Dynamic Multipoint IPsec VPNs (Using Multipoint
GRE/NHRP to Scale IPsec VPNs)
Document ID: 41940
The DMVPN Solution
Automatic IPsec Encryption Initiation
Dynamic Tunnel Creation for �Spoke−to−Hub� Links
Dynamic Tunnel Creation for �Spoke−to−Spoke� Traffic
Supporting Dynamic Routing Protocols
Cisco Express Forwarding Fast Switching for mGRE
Using Dynamic Routing Over IPsec Protected VPNs
Examples of the Routing Tables on the Hub and Spoke Routers
Reducing the Hub Router Configuration Size
Supporting Dynamic Addresses on Spokes
Dynamic Multipoint Hub and Spoke
Dynamic Multipoint IPsec VPN
Conditions After a Dynamic Link Is Created Between Spoke1 and Spoke2
Dynamic Multipoint IPsec VPN with Dual Hubs
Dual Hub − Single DMVPN Layout
Initial Conditions and Changes
Dual Hub − Dual DMVPN Layout
Initial Conditions and Changes
This document discusses Dynamic Multipoint IPsec VPNs (DMVPN) and why a company might want to
design or migrate their network to make use of this new IPsec VPN solution in Cisco IOS® Software.
Companies may need to interconnect many sites to a main site, and perhaps also to each other, across the
Internet while encrypting the traffic to protect it. For example, a set of retail stores that need to connect to the
company headquarters for inventory and ordering may also need to connect to other stores within the
company to check out product availabilty. In the past, the only way to make the connection was to use a
Layer−2 network such as ISDN or Frame Relay to interconnect everything. Setting up and paying for these
hard−wired links for internal IP traffic can be time consuming and costly. If all of the sites (including the
main site) already have relatively cheap Internet access, then this Internet access can also be used for internal
IP communication between the stores and headquarters by using IPsec tunnels to ensure privacy and data
In order for companies to build large IPsec networks interconnecting their sites across the Internet, you need
to be able to scale the IPsec network. IPsec encrypts traffic between two endpoints (peers), and the encryption
is done by the two endpoints using a shared "secret". Since this secret is shared only between these two
endpoints, encrypted networks are inherently a collection of point−to−point links. Because of this, IPsec is
intrinsically a point−to−point tunnel network. The most feasible method to scale a large point−to−point
network is to organize it into a hub−and−spoke or full (partial) mesh network. In most networks, the majority
of the IP traffic is between the spokes and the hub, and very little is between the spokes, so the
hub−and−spoke design is often the best choice. This design also matches with older Frame Relay networks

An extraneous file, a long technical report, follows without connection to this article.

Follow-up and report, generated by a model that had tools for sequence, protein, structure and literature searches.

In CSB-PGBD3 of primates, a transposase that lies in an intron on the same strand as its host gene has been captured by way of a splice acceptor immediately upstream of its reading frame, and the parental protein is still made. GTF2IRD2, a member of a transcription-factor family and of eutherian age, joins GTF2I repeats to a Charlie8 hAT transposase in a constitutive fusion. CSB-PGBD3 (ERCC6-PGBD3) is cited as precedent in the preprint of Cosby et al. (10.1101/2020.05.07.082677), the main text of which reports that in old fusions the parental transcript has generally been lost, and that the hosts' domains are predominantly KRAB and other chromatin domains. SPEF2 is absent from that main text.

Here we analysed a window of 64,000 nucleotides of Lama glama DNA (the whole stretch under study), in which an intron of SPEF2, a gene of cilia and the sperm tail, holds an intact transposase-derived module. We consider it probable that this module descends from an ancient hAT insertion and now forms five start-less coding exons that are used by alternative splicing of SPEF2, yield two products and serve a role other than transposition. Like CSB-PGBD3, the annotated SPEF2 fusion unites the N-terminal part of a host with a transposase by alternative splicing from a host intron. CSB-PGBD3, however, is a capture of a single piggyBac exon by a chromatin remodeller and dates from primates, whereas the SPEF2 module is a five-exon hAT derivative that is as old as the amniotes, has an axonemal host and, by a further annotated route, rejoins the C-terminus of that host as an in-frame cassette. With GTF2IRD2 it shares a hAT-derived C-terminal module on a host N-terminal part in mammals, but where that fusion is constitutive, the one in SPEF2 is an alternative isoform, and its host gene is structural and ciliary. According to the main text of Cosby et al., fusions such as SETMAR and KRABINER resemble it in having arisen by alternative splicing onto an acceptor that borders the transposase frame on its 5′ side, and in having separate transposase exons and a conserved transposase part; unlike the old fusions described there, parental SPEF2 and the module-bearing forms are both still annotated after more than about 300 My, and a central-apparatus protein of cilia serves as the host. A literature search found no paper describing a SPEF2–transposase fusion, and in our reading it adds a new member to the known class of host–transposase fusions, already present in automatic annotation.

since it was prohibitively expensive to pay for links between all sites in these networks.
When using the Internet as the interconnection between the hub and spokes, the spokes also have direct access
to each other with no additional cost, but it has been very difficult, if not impossible, to set up and/or manage
a full (partial) mesh network. Full or partial mesh networks are often desirable because there can be a cost
savings if spoke−to−spoke traffic can go directly through rather then via the hub. Spoke−to−spoke traffic
traversing the hub uses hub resources and can incur extra delays, especially when using IPsec encryption,
since the hub will need to decrypt the incoming packets from the sending spokes and then re−encrypt the
traffic to send it to the receiving spoke. Another example where direct spoke−to−spoke traffic would be useful
is the case where two spokes are in the same city and the hub is across the country.
As IPsec hub−and−spoke networks were deployed and grew in size, it became more desirable to have them
route IP packets as dynamically as possible. In the older Frame Relay hub−and−spoke networks this was
accomplished by running a dynamic routing protocol like OSPF or EIGRP over the Frame Relay links. This
was useful for dynamically advertising the reachability of spoke networks and also to support redundancy in
the IP routing network. If the network lost a hub router, a backup hub router could automatically take over to
retain network connectivity to the spoke networks.
There is a fundamental problem with IPsec tunnels and dynamic routing protocols. Dynamic routing protocols
rely on using IP multicast or broadcast packets, but IPsec does not support encrypting multicast or broadcast
packets. The current method for solving this problem is to use generic routing encapsulation (GRE) tunnels in
combination with IPsec encryption.
GRE tunnels do support transporting IP multicast and broadcast packets to the other end of the GRE tunnel.